These industries and companies literally hire people whose job is to find ways to make us buy these products and attempt to distract us from the truth of what is going on.

Take this guy, Richard Berman, a Washington DC lobbyist and PR strategist. Richard Berman has been given the nickname Dr Evil by his critics. Why? Well, he’s attacked the charity Mother’s Against Drink Driving for trying to introduce drink driving regulations, he’s been given millions of dollars by the tobacco industry, and he’s been paid by some of the biggest players in the animal farming world, like Tyson.

It’s perhaps unsurprising then that he has turned his attention to plant-based meat in recent years. 

Another term we hear used a lot is ‘responsibly sourced’. Take Tesco, for example, they claim on their website that, “Our approach to responsible sourcing, and our use of the terms “Responsibly Sourced” and “Sustainably Sourced” on our packaging, are governed by the Sustainable Seafood Coalition (SSC)” 

That sounds great. What is the Sustainable Seafood Coalition?

Well, it’s an organisation founded by some of the biggest seafood companies in the world like Birds Eye and Young’s and is a partnership between many of the biggest retailers, seafood companies and supermarkets in the world. The only problem is, that doesn’t sound very objective, but what about their codes of conduct?

“The SSC Codes of Conduct are voluntary agreements on responsible sourcing and labelling, developed by SSC members,” according to the SSC website.

Voluntary codes of conduct are codes that are created by businesses and industries and are then self-enforced. As their codes of conduct state, “Ultimately, it is the responsibility of individual businesses to ensure alignment with the Codes”

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So in essence, many of the biggest sellers of seafood in the world have created their own set of voluntary codes. They have then placed themselves in charge of making sure that they themselves are abiding by the codes that they created and now because of this they claim that the seafood they sell is ‘responsibly’ or ‘sustainably’ sourced.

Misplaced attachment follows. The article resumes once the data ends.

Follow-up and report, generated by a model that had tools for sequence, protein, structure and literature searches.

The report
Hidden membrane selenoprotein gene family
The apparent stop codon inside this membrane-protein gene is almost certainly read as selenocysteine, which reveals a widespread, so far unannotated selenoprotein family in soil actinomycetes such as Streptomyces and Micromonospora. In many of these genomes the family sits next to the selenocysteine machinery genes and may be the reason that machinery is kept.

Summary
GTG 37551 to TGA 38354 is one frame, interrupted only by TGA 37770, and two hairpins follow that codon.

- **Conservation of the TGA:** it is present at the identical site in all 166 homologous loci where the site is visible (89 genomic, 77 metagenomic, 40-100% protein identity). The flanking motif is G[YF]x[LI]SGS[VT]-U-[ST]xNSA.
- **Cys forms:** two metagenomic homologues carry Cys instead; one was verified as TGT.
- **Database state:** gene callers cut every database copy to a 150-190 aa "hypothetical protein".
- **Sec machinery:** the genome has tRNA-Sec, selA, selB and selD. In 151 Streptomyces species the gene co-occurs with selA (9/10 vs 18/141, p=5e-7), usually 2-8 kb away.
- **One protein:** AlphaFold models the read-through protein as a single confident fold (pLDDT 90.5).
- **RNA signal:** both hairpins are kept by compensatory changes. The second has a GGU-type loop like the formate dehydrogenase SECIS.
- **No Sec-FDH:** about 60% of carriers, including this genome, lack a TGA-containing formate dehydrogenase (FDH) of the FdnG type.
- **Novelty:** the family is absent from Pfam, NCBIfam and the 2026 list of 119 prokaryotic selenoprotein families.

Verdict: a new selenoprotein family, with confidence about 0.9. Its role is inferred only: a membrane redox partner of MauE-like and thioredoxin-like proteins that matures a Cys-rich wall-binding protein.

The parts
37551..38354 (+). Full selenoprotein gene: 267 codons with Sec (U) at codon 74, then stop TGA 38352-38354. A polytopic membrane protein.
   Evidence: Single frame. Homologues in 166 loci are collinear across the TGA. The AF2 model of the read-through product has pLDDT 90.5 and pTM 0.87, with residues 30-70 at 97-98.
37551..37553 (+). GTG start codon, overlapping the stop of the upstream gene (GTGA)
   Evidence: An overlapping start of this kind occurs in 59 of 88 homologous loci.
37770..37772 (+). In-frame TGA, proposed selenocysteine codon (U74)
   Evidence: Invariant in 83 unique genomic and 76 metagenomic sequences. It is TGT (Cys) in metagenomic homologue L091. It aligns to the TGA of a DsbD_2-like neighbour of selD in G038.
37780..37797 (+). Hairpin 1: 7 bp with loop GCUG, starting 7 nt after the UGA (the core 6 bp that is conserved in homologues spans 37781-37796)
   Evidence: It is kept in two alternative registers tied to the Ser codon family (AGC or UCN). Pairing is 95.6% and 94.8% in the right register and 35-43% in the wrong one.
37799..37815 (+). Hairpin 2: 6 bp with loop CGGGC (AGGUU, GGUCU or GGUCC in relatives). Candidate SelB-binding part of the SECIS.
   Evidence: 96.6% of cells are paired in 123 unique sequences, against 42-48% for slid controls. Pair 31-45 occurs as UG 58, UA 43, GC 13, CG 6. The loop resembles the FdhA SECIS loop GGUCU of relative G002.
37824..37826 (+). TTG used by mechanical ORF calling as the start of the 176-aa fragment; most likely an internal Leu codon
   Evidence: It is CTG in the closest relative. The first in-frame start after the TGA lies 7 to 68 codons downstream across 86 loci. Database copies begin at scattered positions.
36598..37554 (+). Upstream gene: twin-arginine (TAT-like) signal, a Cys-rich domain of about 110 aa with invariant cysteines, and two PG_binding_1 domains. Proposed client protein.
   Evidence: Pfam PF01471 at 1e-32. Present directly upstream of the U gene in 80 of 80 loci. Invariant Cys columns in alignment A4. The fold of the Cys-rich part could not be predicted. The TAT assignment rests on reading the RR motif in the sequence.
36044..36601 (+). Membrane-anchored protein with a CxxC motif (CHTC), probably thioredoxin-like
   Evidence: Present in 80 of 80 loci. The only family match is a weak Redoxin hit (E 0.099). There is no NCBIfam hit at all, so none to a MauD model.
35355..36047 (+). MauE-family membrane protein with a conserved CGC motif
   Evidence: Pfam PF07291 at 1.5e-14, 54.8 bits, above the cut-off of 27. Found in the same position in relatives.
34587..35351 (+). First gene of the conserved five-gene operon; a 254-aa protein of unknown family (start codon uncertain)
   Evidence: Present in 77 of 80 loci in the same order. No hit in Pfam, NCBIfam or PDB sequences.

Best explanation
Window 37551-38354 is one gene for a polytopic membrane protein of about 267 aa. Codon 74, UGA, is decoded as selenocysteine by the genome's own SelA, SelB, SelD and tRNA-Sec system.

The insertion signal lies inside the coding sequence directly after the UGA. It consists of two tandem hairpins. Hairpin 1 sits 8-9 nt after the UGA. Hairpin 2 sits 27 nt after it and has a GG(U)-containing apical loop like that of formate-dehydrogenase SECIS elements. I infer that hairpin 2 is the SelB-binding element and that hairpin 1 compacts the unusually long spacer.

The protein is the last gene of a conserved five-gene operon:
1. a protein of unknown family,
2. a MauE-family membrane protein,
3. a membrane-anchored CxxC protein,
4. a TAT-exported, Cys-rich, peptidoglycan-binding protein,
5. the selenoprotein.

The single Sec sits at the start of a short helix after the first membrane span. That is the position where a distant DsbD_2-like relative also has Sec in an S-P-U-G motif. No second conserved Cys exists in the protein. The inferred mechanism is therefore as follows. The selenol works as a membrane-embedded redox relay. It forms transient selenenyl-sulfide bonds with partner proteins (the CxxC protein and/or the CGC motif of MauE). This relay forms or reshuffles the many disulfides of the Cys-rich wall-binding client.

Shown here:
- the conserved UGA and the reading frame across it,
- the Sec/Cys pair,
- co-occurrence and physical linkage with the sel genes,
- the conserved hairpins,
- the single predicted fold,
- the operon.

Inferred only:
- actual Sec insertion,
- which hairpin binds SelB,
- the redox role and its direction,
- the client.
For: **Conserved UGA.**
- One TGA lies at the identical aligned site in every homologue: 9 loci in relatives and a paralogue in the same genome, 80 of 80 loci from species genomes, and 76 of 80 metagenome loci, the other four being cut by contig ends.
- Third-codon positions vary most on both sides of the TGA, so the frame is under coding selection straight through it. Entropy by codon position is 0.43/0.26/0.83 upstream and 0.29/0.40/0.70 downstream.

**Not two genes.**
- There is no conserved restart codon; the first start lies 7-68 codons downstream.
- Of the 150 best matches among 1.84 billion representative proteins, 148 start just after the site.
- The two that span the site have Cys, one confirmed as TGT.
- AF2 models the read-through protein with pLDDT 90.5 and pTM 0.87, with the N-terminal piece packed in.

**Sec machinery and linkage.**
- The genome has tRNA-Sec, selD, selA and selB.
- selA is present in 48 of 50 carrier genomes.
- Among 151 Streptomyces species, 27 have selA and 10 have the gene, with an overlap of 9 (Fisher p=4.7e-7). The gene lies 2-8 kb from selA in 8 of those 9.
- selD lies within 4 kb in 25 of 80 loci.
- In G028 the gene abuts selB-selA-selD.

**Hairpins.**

But what about family farms, shouldn’t we just support them. Well, 98 per cent of farms in the US are classed as family farms, which even when just viewed alongside the fact that USDA data shows that 99 per cent of farmed animals are factory farmed in the US, makes you realise that perhaps the notion of a family-run farm has nothing to do with an animal’s actual wellbeing, but is instead a marketing ploy to make you think of a romanticised ideal of farming which quite frankly doesn’t exist.

The same is true of local farms as well. Every farm is local to someone. Plus how does geographical location determine the morality of what happens on a farm? Does a farm get more ethical the closer you get to it? Yet we’re always told to support our local family farmers.

All of this is just the tip of the iceberg.

It’s time for us to see through the labels, marketing ploys and phrases that these industries use to hide from us the horrific reality of what is happening to animals. These industries are reliant on humane washing, which is why they relentlessly do it. But once we recognise the big lie that they perpetuate, they’ll soon be forced to realise that the blood they have on their hands is a lot harder to wash off.

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The nonsense people promulgate to
Justify the cruelties
On their plates

Karen Lyons Kalmenson

4 Comments leave one →
  1. October 11, 2021 6:47 am

    The nonsense people promulgate to
    Justify the cruelties
    On their plates

    Liked by 1 person


  1. USA: Eating Others Is NOT Humane ! – World Animals Voice